CARDIFF: Moeen Ali has become the first England player to confirm unreservedly that he will be available for the upcoming tour of Bangladesh.
The future of the tour was in the balance after an attack on a Dhaka cafe in July killed 20 — mostly foreign — hostages, with the Islamic State group claiming responsibility.
But all-rounder Ali, speaking in Cardiff on Saturday ahead of England’s fifth and final one-day international against Pakistan in the Welsh capital on Sunday, said: “If selected, I’ll definitely go.
“I’m pretty happy with everything and really looking forward to it,” the 29-year-old Worcestershire off-spinner and left-handed batsman added.
Following the Dhaka attack, the England and Wales Cricket Board (ECB) sent an inspection team to Bangladesh led by long-serving security chief Reg Dickason.
After he reported back, the ECB said last month that the tour, which includes three one-day international and two Test match fixtures in October and November, would go ahead as planned.
“My view is you’re not safe anywhere these days,” said Ali.
England assistant coach Paul Farbrace, who was with the Sri Lanka squad when their bus came under armed attack in Lahore in 2009, has also said he intends to travel to Bangladesh.
But England one-day captain Eoin Morgan, who was among a group of players given a security briefing by Dickason, said Friday he had still to make up his mind.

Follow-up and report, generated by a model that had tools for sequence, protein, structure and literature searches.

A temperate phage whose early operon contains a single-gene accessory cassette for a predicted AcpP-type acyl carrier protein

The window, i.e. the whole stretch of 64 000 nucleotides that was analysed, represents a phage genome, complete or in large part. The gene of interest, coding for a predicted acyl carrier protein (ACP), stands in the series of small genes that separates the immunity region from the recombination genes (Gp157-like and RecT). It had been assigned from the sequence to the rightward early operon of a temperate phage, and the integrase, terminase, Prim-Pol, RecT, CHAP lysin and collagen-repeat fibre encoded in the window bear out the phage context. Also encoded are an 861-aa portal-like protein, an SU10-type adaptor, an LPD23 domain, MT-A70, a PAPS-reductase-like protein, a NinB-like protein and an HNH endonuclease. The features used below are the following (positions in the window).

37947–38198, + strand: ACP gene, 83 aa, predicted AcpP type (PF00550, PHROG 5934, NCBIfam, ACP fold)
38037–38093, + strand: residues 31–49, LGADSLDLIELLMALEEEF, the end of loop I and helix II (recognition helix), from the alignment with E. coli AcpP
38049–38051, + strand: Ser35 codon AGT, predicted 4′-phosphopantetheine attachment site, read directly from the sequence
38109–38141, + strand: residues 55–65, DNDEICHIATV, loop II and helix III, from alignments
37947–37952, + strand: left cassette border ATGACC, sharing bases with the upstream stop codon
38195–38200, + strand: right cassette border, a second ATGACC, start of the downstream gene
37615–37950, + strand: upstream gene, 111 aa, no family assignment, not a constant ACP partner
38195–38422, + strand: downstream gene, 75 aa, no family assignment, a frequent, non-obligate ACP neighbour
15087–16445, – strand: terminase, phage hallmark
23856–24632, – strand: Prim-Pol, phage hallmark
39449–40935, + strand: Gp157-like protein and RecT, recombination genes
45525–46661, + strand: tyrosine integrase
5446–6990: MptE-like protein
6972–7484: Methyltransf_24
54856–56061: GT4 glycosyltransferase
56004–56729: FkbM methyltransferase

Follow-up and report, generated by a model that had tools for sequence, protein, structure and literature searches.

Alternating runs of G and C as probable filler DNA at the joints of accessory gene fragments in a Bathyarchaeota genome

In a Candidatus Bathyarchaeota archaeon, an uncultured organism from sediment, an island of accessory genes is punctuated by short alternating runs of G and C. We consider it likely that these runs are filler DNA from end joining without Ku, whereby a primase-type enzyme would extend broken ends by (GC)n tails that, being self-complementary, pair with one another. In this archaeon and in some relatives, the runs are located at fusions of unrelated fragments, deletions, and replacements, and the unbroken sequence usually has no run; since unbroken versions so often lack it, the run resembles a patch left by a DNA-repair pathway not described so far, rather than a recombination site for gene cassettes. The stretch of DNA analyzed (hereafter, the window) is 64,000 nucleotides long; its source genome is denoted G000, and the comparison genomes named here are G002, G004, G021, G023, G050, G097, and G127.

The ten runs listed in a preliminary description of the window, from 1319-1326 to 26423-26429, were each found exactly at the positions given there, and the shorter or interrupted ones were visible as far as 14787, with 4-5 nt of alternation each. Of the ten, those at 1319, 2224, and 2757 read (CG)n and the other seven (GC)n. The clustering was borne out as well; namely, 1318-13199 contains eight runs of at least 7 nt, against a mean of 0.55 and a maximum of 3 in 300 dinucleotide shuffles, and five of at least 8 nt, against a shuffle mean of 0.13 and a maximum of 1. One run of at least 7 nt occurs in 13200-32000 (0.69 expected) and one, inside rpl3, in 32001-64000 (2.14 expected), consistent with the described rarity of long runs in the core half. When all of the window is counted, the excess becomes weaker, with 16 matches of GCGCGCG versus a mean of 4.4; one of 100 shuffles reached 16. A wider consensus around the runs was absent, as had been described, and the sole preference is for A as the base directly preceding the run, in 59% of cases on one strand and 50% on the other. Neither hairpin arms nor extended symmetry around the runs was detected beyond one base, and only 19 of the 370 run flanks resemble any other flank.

Ali added he had no qualms about anyone taking their time over deciding whether to tour.
“It’s up to the individual. There’s no pressure on anyone — it’s up to that person and how he feels.
“For me, even before the meeting with Reg, I was happy to go.”
Meanwhile Ali was looking forward to helping England complete a 5-0 clean sweep against Pakistan — something they’ve never previously managed in a home ODI series.
For England, following on from their world record ODI total of 444 for three in the fourth match of the series in Nottingham, it would be further proof of the progress they have made in 50-over cricket since their humiliating first-round exit at last year’s World Cup.
“It will be a massive achievement, and it just shows how good this side is and the way we’re going,” said Ali.
England won the fourth ODI at Headingley on Thursday after Ben Stokes (69) and Jonny Bairstow (61) put on 103 following a collapse to 72 for four.
For Ali, who made 45 not out after taking two for 39 in a fine all-round performance, this was fresh evidence of England’s “amazing” progress in white-ball cricket.
“We’ve got players who can take bowling apart, but also – when there is a bit of a wobble – guys like Stokesy and Bluey (Bairstow)… had to play very smart,” he said.
“They were still positive … and in the end, we cruised to victory.”
The only blot on Ali’s Headingley display was another of his infamous ‘moon balls’, the spinner’s latest sailing high over wicket-keeper Bairstow’s head.
“It just slips out,” Ali explained.
“I grip the ball so hard, and really try to put a lot of revs on it and spin it as much as I can — and sometimes it does slip out.
He added he was enjoying bowling in the ODIs, where he had more protection than in the preceding 2-2 drawn Test series that saw him repeatedly targeted by Pakistan’s batsmen.
“Test cricket is hard sometimes, because we’ve got such a good seam attack that I’m going to get attacked,” Ali said.
“In the one-dayers, you have guys set back and no short-leg and a slip, so it’s a little bit easier.”